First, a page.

• Medications changed by the liver (Cytochrome P450 1A2 (CYP1A2) substrates) interacts with NUTMEG AND MACE

    Some medications are changed and broken down by the liver.

    Nutmeg and mace might increase how quickly the liver breaks down some medications. Taking nutmeg and mace along with some medications that are changed by the liver can lead to a variety of effects and side effects. Before taking nutmeg and mace talk to your healthcare provider if you take any medications that are changed by the liver.

    Some of these medications that are changed by the liver include clozapine (Clozaril), cyclobenzaprine (Flexeril), fluvoxamine (Luvox), haloperidol (Haldol), imipramine (Tofranil), mexiletine (Mexitil), olanzapine (Zyprexa), pentazocine (Talwin), propranolol (Inderal), tacrine (Cognex), theophylline, zileuton (Zyflo), zolmitriptan (Zomig), and others.

  • Medications changed by the liver (Cytochrome P450 2B1 (CYP2B1) substrates) interacts with NUTMEG AND MACE

    Some medications are changed and broken down by the liver.

    Nutmeg and mace might increase how quickly the liver breaks down some medications. Taking nutmeg and mace along with some medications that are changed by the liver can lead to a variety of effects and side effects. Before taking nutmeg and mace talk to your healthcare provider if you take any medications that are changed by the liver.

  • Medications changed by the liver (Cytochrome P450 2B2 (CYP2B2) substrates) interacts with NUTMEG AND MACE

    Some medications are changed and broken down by the liver.

    Taking nutmeg and mace along with some medications that are changed by the liver can lead to a variety of effects and side effects. Before taking nutmeg and mace talk to your healthcare provider if you take any medications that are changed by the liver.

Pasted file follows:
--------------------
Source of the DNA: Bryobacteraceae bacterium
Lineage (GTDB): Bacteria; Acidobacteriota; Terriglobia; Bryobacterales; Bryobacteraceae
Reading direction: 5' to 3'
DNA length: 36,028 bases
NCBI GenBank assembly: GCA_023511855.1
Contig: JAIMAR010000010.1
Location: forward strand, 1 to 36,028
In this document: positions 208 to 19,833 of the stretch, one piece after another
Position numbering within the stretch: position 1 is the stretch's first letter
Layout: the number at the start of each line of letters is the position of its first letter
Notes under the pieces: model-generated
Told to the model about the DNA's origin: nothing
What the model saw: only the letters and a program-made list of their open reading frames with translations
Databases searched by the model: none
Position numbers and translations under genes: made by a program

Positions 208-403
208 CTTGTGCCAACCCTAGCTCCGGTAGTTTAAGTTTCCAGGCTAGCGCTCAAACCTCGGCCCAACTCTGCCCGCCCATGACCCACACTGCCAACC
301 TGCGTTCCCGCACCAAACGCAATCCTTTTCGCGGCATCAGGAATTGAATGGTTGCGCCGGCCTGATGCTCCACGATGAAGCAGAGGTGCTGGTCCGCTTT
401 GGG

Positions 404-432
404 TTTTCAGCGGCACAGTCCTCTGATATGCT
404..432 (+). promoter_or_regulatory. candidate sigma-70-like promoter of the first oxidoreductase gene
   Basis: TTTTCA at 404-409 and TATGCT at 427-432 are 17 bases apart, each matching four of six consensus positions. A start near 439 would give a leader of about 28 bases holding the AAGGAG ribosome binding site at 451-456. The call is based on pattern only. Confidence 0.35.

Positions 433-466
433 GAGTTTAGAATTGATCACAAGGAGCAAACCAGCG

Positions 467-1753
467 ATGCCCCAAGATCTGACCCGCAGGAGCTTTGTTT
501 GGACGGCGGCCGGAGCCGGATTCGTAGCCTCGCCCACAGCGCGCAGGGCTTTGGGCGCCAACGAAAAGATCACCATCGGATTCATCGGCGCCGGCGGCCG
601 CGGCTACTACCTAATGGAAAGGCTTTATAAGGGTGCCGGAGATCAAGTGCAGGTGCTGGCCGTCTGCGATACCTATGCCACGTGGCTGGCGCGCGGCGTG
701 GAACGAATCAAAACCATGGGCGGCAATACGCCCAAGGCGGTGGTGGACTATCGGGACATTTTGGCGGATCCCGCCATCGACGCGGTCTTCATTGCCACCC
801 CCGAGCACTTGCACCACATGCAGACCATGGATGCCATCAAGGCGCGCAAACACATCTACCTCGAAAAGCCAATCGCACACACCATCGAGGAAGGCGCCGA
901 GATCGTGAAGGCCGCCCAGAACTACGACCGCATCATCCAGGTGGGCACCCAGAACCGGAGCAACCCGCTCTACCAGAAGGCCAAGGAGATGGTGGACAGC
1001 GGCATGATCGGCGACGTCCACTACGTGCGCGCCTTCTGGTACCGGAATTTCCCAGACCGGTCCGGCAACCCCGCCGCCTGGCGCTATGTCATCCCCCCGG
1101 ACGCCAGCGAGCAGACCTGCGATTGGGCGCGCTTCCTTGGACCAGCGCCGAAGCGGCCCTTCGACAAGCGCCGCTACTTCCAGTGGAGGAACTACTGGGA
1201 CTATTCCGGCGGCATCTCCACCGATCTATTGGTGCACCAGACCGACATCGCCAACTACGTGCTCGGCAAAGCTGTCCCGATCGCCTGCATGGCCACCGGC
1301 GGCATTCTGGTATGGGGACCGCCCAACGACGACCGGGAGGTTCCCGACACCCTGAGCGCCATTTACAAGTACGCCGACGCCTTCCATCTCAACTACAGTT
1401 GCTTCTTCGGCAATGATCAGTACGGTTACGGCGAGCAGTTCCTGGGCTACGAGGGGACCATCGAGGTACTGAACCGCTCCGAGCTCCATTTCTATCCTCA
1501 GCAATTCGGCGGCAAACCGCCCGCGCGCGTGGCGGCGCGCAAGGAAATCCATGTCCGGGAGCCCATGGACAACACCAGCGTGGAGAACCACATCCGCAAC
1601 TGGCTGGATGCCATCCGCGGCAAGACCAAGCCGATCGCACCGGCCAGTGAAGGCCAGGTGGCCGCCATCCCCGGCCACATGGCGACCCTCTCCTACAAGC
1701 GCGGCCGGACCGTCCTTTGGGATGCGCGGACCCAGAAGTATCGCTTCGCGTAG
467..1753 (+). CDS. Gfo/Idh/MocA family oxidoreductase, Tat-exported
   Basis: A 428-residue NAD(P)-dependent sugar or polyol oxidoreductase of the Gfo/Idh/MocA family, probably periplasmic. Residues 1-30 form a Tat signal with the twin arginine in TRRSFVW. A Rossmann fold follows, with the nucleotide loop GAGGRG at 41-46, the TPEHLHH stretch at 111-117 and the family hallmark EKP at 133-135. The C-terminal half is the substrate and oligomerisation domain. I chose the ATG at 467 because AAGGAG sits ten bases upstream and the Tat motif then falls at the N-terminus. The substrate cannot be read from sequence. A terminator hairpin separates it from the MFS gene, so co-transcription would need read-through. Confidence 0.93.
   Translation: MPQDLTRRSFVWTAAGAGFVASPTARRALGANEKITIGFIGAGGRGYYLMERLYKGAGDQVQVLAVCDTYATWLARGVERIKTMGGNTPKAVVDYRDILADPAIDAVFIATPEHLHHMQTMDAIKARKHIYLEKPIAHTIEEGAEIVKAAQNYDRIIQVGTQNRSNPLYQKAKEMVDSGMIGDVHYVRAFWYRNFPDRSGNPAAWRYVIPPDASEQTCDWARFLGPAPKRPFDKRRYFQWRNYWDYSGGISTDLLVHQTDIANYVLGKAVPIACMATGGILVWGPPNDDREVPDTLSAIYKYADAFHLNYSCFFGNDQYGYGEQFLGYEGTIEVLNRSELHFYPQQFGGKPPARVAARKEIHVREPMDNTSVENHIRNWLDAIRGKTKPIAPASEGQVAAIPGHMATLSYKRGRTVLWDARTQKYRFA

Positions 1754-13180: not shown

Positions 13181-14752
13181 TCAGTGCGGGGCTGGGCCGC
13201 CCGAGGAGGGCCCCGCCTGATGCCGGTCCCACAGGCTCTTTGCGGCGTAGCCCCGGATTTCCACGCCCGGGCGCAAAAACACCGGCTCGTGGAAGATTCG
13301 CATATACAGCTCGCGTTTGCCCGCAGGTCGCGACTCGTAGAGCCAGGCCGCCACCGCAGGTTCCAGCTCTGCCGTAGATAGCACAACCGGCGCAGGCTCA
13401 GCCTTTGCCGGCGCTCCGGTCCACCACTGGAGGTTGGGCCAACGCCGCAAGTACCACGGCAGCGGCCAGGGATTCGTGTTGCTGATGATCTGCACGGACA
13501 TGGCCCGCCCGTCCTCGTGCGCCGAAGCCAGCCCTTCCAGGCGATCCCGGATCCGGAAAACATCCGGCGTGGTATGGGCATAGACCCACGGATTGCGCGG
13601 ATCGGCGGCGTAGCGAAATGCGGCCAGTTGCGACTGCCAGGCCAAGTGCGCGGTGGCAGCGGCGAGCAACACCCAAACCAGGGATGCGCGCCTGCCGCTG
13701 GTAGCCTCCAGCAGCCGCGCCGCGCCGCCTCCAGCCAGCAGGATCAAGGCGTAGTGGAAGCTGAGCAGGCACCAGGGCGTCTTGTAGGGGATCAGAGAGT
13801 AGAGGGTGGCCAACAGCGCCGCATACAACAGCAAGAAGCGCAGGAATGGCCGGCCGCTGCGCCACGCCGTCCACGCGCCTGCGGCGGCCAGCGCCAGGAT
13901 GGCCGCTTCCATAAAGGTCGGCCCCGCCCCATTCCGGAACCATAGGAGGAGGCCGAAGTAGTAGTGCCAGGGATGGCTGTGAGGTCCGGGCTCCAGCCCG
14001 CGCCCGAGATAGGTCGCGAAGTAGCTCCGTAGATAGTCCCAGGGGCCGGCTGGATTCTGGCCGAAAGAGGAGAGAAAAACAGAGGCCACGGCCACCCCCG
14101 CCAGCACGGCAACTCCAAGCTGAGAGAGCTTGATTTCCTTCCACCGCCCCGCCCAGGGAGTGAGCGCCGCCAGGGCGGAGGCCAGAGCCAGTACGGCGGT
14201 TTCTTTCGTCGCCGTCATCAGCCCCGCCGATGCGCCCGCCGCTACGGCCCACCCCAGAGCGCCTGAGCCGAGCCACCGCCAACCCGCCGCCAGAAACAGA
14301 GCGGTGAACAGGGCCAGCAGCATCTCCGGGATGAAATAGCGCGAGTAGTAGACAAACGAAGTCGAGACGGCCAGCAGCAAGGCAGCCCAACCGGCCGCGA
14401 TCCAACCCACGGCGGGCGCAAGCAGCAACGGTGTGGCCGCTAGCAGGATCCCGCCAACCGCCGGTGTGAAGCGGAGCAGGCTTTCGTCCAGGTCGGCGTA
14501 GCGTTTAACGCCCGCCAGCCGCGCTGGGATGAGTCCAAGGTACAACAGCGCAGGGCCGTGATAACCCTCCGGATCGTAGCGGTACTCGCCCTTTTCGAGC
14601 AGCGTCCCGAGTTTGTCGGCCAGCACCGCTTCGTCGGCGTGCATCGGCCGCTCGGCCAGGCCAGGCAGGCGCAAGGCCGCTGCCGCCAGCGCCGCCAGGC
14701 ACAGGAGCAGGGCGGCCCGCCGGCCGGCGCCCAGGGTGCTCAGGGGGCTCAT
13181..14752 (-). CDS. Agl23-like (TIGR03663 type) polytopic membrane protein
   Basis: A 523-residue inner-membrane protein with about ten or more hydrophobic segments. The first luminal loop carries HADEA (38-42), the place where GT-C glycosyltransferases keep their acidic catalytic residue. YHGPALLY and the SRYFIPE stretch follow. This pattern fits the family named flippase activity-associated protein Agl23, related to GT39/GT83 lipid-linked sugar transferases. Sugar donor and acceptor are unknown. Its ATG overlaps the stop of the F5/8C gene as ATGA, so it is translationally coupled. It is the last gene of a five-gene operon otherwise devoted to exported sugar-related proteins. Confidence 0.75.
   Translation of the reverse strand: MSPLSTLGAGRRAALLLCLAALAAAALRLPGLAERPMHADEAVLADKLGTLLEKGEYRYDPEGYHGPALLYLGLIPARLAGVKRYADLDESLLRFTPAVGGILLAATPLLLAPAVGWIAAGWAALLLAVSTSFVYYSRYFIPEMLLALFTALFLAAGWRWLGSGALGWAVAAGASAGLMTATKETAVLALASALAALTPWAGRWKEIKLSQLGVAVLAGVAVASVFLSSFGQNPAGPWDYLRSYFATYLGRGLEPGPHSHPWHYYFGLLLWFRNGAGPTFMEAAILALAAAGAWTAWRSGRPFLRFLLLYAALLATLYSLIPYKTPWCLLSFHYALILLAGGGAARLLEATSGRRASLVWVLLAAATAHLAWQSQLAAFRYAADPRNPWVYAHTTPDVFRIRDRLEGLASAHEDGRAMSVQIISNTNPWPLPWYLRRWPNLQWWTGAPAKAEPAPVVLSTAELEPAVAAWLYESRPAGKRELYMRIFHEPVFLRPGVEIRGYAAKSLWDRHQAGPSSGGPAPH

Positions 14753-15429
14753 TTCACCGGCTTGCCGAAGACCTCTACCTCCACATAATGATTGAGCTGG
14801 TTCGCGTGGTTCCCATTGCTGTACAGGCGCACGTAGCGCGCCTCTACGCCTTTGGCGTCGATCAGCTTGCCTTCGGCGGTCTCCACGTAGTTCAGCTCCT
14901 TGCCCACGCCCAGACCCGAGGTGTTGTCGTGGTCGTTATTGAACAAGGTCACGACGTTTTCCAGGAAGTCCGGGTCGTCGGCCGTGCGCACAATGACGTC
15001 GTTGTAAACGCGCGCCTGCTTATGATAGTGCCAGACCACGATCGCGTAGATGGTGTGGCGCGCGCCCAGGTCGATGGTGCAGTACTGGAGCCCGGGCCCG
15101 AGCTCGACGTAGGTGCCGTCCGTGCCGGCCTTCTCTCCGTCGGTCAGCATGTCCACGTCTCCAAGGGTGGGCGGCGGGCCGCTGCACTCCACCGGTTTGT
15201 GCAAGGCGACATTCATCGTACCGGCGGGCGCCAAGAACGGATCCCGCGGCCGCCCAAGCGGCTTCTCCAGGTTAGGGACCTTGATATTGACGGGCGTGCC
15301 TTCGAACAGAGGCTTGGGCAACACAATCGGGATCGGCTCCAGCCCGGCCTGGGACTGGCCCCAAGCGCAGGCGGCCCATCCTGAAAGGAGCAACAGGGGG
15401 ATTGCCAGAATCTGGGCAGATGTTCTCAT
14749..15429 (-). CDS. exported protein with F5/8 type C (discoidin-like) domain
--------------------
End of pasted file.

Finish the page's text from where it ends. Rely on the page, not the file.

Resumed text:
• Phenobarbital (Luminal) interacts with NUTMEG AND MACE

    The body breaks down phenobarbital (Luminal) to get rid of it. Nutmeg and mace might increase how quickly the body breaks down phenobarbital (luminal). Taking nutmeg and mace along with phenobarbital (luminal) might decrease the effectiveness of phenobarbital (Luminal).


NUTMEG AND MACE Dosing

The appropriate dose of nutmeg and mace depends on several factors such as the user's age, health, and several other conditions. At this time there is not enough scientific information to determine an appropriate range of doses for nutmeg and mace. Keep in mind that natural products are not always necessarily safe and dosages can be important. Be sure to follow relevant directions on product labels and consult your pharmacist or physician or other healthcare professional before using.

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Conditions of Use and Important Information: This information is meant to supplement, not replace advice from your doctor or healthcare provider and is not meant to cover all possible uses, precautions, interactions or adverse effects. This information may not fit your specific health circumstances. Never delay or disregard seeking professional medical advice from your doctor or other qualified health care provider because of something you have read on WebMD. You should always speak with your doctor or health care professional before you start, stop, or change any prescribed part of your health care plan or treatment and to determine what course of therapy is right for you.

This copyrighted material is provided by Natural Medicines Comprehensive Database Consumer Version. Information from this source is evidence-based and objective, and without commercial influence. For professional medical information on natural medicines, see Natural Medicines Comprehensive Database Professional Version. © Therapeutic Research Faculty 2009.